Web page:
These are what we call the 'YMMV items.' Things that some people find in this work. We call them 'your mileage might vary' because not everyone sees these things in the same way. This starts discussions in the trope lists, a thing we don't want. Please use the discussion page if you'd like to discuss any of these items.
This is not so much a Take That aimed at Queen as it is a joke about the ubiquitous nature of Queen'sGreatest Hits I in car stereos throughout the UK. Terry Pratchett explained it like this: eventually you get so sick of inane local radio that you pull off the motorway and go to a service (gas) station to find something worth listening to. The only thing on the paltry rack of cassettes that is at all worth buying is invariably The Best Of Queen. (There are doubtless several things that are outdated with this scenario - CD changers, iPods, better radio stations, better stocked service stations - but it was brilliant for its time.)
Pollution/Famine is an extremely popular Ship Mate for either of the above. No, really.
Fan True Name: Crowley's 'angelic' name is never given, but Kireawel or Caphriel is popular in fanfiction.
Also Gadriel, as it is listed in some theology books as being the name of the fallen who tempted Eve with the apple.
Genius Bonus / Punny Name: The etymology of "nice" (or "niƒe" if you prefer) has changed drastically over the centuries. Roughly around the time Agnes would have written her book it could indeed have meant "precise". However it's original meaning was "foolish" or "stupid." Then there is the modern meaning attached to the word. They all apply to some extent.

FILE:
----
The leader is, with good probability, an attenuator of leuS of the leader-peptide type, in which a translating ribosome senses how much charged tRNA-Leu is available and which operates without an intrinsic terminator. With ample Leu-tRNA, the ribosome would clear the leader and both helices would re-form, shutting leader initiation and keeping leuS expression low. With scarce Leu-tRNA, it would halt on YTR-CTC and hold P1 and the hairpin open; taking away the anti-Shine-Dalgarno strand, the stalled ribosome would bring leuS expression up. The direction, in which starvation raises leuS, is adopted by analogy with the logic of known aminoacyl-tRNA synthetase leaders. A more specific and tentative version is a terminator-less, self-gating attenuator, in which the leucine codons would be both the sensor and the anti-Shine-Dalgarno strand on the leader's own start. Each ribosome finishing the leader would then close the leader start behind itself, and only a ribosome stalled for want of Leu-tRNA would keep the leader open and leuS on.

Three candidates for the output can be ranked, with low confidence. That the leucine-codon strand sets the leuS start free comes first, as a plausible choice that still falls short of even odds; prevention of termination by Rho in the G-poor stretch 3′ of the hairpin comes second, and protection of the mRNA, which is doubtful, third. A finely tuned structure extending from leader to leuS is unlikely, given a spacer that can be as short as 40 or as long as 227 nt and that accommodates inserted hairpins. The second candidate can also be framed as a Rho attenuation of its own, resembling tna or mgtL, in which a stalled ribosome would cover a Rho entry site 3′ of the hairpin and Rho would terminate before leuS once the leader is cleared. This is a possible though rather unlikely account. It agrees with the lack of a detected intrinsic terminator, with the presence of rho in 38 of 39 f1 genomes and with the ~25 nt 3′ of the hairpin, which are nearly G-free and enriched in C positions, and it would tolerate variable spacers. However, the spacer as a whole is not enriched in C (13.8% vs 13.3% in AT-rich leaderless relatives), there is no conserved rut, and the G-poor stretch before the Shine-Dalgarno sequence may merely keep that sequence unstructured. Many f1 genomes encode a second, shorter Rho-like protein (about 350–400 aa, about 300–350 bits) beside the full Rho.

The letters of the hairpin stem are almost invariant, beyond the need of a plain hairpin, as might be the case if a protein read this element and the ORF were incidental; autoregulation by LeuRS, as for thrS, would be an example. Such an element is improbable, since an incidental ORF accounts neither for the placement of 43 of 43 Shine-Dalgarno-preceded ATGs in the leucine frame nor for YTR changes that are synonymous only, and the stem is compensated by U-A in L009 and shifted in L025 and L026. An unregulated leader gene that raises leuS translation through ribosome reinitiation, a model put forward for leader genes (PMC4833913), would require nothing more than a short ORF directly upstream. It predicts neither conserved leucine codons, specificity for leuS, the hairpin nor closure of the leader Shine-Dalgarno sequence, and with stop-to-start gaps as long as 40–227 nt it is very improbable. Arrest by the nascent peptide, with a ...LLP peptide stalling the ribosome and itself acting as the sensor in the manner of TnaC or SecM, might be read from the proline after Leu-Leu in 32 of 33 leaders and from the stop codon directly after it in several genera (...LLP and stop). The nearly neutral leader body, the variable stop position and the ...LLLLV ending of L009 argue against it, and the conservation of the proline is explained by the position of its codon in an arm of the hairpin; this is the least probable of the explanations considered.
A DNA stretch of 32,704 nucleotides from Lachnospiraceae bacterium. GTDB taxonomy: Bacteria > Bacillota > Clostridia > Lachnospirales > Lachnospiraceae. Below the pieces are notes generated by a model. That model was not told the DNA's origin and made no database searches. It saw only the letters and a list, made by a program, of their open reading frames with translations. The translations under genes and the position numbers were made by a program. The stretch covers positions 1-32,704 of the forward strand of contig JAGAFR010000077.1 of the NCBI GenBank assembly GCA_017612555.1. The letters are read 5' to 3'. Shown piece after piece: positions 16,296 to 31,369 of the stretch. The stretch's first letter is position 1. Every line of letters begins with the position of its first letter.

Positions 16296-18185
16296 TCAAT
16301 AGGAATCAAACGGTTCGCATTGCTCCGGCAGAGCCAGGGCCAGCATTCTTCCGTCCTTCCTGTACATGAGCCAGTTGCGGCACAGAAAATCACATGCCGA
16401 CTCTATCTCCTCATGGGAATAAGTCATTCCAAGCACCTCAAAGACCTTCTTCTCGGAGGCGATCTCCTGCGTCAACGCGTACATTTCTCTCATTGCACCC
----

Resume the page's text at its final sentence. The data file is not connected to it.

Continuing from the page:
As Lucifer, in Latin, means "light-bearer" or "bringer of light", Pulsifer can be translated as "bringer of peas". However, the authors have noted that this wasn't planned, but was merely a fortuitous coincidence.
The names Device and Nutter sound like a piece of typical Pratchettian wordplay, but are in fact not only authentic Lancashire family names, but the names of two of the Pendle witches. "Nutter" is an Old English word for "cowherd" and Device is an alternate spelling of Davis.
The Buggre Alle This-Bible calls Mr. Scraggs a "Southwarke knobbestick". This seemingly innocuous phrase takes on new layers of meaning when you know that Southwark was London's Red Light District at the time said bible was (supposedly) written.
There is a particularly ship-worthy line towards the end of the book: "And perhaps the recent exertions had had some fallout on the nature of reality because, while they were eating, for the first time ever, a nightingale sang in Berkeley Square." The line comes rather out of nowhere and nothing is specified about the nature of said "exertions". One would assume it refers to Adam remaking reality, but "A Nightingale Sang in Berkeley Square" is an old and sappy romantic love song, whereas Adam is pretty clearly still at the cooties stage. The scene also takes place smack in between two scenes featuring canon couples that confirm the continuation/beginning of their own relationships.
"There were angels dining at the Ritz" - from the song in question. Aziraphale and Crowley dine at the Ritz regularly. The mention of that song is probably not for the sole purpose of creating Aziraphale and Crowley subtext- though one of its purposes could be that subtext. That one is unsure if it's a dream or reality most likely refers to the characters forgetting, and a couple of other lines apply well to the book, more like.
Heterosexual Life-Partners: Aziraphale & Crowley, 6000 years or so worth of life partnership. Though 'heterosexual' is a bit inaccurate, since neither technically have a gender unless they really want to make the effort.